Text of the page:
The tune to “Go Tell Aunt Rhody” comes from Europe in the 18th century. It has travelled all over the globe, from France, to the US, to Japan. Here’s a breakdown of the route it’s taken…
1752 (France) – Genevan philosopher Jean-Jacques Rousseau composed the original tune to “Go Tell Aunt Rhody”. Rousseau’s tune was written for his one-act opera Le devin du village (“The Village Soothsayer”). It can be found in Scene 8 – “Pantomime”. You can hear it in the video below at 2:01.
1773 (England) – A version of the tune can be heard in the hymn “Lord, Dismiss Us with Thy Blessing” by British theologian, pastor and hymn-writer John Fawcett (1740 – 1817). It’s one of the tunes used for this hymn – Sicilian Mariners is the other tune.
You can hear the version of this hymn with the tune of “Go Tell Aunt Rhody” in the video below.
Around 1812 (England) – Johann Baptist Cramer published the tune as a piano etude called “Rousseau’s Dream”. You can hear it below.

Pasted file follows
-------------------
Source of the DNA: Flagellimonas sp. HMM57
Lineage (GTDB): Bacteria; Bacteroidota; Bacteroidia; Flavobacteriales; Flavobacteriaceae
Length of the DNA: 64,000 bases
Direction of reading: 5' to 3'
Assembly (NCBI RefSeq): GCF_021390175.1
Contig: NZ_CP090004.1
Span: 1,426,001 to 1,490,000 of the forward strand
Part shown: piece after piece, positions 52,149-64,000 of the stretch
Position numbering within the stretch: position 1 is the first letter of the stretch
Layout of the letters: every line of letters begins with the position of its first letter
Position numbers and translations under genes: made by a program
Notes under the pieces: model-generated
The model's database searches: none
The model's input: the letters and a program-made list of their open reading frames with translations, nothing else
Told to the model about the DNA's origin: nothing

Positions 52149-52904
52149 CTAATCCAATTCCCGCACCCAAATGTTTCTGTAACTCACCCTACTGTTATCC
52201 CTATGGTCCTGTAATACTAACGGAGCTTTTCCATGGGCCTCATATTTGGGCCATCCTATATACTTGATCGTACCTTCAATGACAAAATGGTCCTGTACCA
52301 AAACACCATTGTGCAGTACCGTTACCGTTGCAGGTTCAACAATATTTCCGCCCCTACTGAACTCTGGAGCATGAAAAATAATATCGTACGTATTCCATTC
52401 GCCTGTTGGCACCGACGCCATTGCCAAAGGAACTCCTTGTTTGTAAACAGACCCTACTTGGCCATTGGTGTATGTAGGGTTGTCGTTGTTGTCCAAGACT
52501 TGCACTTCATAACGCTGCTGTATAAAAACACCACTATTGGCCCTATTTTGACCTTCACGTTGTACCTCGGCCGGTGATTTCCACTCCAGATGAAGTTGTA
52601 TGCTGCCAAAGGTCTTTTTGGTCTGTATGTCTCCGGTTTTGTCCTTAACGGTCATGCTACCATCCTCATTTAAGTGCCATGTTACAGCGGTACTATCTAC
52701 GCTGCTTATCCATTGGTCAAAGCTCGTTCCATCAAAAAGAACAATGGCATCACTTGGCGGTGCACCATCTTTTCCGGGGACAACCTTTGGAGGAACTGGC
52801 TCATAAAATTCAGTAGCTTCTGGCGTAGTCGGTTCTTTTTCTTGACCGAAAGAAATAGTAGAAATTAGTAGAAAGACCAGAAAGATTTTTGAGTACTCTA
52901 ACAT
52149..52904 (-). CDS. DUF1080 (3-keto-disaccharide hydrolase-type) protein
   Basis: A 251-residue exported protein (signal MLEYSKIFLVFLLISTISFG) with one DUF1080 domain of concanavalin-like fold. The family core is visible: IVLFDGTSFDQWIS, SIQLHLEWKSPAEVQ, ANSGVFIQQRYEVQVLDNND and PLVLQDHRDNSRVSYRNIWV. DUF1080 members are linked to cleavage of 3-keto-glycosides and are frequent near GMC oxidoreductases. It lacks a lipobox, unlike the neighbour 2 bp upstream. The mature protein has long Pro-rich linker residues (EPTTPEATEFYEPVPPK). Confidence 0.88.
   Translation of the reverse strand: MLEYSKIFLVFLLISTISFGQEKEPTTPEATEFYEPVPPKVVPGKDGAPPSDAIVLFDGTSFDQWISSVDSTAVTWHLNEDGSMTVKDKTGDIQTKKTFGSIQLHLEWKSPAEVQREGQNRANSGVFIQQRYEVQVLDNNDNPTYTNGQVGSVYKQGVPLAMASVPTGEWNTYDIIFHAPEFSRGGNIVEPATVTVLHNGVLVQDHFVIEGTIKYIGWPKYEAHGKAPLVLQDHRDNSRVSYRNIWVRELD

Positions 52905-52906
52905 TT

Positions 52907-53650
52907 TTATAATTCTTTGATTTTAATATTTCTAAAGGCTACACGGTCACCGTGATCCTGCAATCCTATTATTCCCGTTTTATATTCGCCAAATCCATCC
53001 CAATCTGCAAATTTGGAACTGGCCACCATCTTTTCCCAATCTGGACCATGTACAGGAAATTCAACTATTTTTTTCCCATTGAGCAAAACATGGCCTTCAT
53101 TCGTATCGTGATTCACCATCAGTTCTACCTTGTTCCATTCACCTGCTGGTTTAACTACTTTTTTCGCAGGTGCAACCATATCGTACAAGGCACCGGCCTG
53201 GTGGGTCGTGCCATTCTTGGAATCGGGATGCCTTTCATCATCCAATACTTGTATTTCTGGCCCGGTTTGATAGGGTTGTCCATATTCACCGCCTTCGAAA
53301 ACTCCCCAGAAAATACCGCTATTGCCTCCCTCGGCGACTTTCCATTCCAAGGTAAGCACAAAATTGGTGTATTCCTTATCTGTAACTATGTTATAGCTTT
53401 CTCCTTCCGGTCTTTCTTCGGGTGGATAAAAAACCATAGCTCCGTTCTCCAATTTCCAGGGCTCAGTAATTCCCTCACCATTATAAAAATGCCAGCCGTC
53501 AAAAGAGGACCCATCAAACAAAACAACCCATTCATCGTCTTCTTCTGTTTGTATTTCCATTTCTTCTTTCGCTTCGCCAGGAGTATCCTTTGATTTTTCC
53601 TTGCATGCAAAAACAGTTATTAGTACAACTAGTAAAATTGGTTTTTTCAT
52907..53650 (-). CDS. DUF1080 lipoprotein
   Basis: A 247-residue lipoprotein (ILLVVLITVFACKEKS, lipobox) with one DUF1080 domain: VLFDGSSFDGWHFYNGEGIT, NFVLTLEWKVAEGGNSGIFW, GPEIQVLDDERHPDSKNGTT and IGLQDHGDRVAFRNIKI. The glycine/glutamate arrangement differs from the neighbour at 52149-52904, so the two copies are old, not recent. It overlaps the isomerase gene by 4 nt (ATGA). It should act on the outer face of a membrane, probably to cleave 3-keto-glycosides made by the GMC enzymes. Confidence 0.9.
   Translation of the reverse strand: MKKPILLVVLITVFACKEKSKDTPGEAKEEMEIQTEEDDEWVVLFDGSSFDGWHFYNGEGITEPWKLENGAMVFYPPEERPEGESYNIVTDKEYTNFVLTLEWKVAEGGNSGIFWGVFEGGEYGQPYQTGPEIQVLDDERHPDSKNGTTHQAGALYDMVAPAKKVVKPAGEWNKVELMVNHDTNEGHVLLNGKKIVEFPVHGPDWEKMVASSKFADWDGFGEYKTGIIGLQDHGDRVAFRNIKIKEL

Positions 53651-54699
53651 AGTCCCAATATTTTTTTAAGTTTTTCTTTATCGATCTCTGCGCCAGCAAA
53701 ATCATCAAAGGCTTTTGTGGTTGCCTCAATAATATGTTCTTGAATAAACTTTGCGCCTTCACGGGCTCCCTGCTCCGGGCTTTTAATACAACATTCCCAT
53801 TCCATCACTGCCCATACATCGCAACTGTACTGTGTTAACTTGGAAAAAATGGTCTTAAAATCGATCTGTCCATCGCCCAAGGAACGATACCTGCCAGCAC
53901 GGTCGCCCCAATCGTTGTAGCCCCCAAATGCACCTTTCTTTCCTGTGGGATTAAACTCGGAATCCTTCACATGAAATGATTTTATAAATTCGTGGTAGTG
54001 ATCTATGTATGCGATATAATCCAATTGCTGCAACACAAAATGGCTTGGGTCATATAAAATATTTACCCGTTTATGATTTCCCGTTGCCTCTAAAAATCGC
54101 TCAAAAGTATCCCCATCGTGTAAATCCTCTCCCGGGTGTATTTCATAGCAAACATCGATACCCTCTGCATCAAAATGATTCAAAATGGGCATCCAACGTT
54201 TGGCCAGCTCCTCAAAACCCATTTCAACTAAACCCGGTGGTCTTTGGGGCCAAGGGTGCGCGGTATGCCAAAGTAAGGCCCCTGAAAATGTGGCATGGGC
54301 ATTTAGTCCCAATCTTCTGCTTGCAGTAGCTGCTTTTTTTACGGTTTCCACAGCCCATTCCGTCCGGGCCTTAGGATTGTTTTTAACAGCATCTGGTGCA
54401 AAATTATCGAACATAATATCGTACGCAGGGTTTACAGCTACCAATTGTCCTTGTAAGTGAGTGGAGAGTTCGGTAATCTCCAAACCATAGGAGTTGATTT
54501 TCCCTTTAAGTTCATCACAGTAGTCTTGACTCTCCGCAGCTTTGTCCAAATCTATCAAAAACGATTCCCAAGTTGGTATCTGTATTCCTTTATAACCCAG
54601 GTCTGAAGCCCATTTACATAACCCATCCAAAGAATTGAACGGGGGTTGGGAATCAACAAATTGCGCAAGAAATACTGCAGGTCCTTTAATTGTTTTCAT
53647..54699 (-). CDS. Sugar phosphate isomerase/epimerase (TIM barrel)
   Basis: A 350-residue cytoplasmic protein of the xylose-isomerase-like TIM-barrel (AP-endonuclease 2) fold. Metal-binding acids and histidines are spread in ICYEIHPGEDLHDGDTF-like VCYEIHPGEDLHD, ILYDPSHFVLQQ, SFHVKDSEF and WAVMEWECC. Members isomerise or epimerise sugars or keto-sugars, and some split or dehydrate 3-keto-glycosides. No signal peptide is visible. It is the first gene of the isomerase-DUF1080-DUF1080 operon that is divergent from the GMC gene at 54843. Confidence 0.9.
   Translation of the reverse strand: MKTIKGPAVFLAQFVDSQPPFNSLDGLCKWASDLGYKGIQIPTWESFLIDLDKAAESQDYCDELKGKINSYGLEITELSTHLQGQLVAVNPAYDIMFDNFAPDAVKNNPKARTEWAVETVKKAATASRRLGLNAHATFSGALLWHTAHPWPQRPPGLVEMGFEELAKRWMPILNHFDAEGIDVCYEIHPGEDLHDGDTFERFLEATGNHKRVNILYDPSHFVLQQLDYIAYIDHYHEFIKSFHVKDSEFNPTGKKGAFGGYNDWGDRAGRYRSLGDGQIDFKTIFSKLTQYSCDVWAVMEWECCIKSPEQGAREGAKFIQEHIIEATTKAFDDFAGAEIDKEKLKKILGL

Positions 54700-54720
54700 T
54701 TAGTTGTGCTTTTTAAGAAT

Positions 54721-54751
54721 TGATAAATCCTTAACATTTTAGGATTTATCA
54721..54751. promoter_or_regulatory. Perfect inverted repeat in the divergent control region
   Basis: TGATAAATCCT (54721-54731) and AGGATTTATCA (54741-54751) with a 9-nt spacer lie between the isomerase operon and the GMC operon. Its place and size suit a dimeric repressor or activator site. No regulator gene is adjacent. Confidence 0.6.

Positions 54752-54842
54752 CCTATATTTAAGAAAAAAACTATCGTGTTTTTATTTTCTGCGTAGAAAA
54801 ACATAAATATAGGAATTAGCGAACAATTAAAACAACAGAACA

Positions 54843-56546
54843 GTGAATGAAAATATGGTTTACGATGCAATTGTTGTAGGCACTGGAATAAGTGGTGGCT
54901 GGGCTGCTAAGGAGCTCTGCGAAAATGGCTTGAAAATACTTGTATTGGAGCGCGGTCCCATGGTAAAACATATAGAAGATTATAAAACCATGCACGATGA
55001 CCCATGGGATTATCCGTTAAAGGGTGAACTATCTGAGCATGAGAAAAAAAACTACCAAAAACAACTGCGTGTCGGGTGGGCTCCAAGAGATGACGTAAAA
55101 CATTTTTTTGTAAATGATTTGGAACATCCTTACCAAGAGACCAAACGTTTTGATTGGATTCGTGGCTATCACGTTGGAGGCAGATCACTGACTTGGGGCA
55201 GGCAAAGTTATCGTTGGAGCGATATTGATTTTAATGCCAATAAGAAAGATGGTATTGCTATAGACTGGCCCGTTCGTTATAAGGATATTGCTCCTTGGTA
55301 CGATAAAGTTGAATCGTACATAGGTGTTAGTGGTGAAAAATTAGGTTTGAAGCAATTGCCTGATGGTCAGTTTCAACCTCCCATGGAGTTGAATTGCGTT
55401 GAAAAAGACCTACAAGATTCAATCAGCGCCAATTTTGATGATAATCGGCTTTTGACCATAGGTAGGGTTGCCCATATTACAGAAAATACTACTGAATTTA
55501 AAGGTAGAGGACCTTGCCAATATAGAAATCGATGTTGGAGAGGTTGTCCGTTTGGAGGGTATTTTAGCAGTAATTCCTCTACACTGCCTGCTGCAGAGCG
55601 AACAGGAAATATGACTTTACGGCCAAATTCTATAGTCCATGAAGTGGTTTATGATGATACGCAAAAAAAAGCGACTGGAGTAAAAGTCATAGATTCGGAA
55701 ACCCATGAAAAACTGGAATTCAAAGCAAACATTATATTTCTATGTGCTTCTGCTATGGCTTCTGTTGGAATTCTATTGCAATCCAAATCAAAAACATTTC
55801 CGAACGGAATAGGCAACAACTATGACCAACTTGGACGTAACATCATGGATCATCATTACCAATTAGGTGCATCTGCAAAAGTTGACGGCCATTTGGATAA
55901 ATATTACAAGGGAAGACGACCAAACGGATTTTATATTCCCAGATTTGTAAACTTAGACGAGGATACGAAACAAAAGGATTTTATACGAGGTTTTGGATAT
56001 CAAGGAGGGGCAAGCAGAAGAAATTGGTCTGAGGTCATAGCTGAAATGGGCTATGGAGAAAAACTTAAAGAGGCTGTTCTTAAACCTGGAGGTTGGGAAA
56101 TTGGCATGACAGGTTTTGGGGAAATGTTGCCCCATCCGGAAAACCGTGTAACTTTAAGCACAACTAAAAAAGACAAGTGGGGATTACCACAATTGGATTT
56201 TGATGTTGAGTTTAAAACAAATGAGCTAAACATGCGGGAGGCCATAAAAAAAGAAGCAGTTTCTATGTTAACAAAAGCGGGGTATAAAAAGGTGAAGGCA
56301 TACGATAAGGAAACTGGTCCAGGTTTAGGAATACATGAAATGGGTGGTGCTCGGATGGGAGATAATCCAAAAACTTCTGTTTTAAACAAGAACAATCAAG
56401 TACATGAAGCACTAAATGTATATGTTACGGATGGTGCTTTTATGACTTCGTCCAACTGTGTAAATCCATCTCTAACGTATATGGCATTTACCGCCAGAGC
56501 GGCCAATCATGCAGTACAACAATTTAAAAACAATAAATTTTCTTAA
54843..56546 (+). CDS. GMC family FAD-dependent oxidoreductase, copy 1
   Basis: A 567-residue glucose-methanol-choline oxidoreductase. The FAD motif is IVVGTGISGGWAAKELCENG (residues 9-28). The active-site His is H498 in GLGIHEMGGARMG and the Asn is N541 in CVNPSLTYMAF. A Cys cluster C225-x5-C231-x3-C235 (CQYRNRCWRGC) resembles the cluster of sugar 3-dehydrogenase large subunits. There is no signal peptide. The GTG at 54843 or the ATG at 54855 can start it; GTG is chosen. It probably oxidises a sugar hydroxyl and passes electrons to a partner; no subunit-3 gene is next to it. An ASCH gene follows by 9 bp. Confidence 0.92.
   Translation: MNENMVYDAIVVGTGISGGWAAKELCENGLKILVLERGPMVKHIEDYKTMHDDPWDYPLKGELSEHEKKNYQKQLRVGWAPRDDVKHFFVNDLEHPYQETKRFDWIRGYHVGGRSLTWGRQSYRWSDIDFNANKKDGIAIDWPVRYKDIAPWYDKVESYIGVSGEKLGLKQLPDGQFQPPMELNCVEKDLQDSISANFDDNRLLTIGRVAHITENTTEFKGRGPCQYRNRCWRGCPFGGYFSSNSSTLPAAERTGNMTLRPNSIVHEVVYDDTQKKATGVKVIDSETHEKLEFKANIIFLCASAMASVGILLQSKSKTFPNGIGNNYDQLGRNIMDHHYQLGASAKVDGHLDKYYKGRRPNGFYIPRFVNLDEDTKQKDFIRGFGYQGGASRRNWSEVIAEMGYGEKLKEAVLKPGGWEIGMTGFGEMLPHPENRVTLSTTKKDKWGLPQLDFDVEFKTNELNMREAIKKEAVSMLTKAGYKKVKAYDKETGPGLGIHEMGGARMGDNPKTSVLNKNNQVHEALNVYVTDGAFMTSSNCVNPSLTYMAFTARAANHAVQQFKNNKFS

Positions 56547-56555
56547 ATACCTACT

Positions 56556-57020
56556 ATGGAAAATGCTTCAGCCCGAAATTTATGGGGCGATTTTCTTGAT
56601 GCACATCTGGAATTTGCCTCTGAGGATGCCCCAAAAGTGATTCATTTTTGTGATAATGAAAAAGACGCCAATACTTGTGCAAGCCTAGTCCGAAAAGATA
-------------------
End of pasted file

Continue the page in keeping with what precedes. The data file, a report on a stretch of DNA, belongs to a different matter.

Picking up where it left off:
Around 1840 (Germany) – The tune was used for education in Kindergarten. In this version of the tune, it was called the “Greenville Hymn”.
(Friedrich Wilhelm August Fröbel; world first founder of Kindergarten)
Around 1850? (USA) – “Go Tell Aunt Rhody”
1851 (England) – London; Used for a song of gymnastics in Kindergarten. We believe this version of the tune was called the “Greenville Hymn”.
(Reference: “The Role of Margaret Griffis in Women’s Education during the Meiji Period in Japan”.)
1881 (Japan) – Used for a song called “Miwataseba” or “Looking Around (at the scenery)”.
1947 (Japan) – “Musunde Hiraite” ; mainly used in Kindergarten.
If anyone else knows of any songs around the world that use the tune to “Go Tell Aunt Rhody”, please share it with us in the comments below. Thanks for sharing the time-line of “Go Tell Aunt Rhody” Sadao!
This article was posted on Friday, June 13th, 2014 at 9:25 am and is filed under American Kids Songs, Children's Songs, Countries & Cultures, England, English, English Children's Songs, Folk Songs, France, German, Germany, Go Tell Aunt Rhody, Japan, Japanese, Japanese Folk Songs, Languages, USA. You can follow any responses to this entry through the RSS 2.0 feed. You can leave a response, or trackback from your own site.
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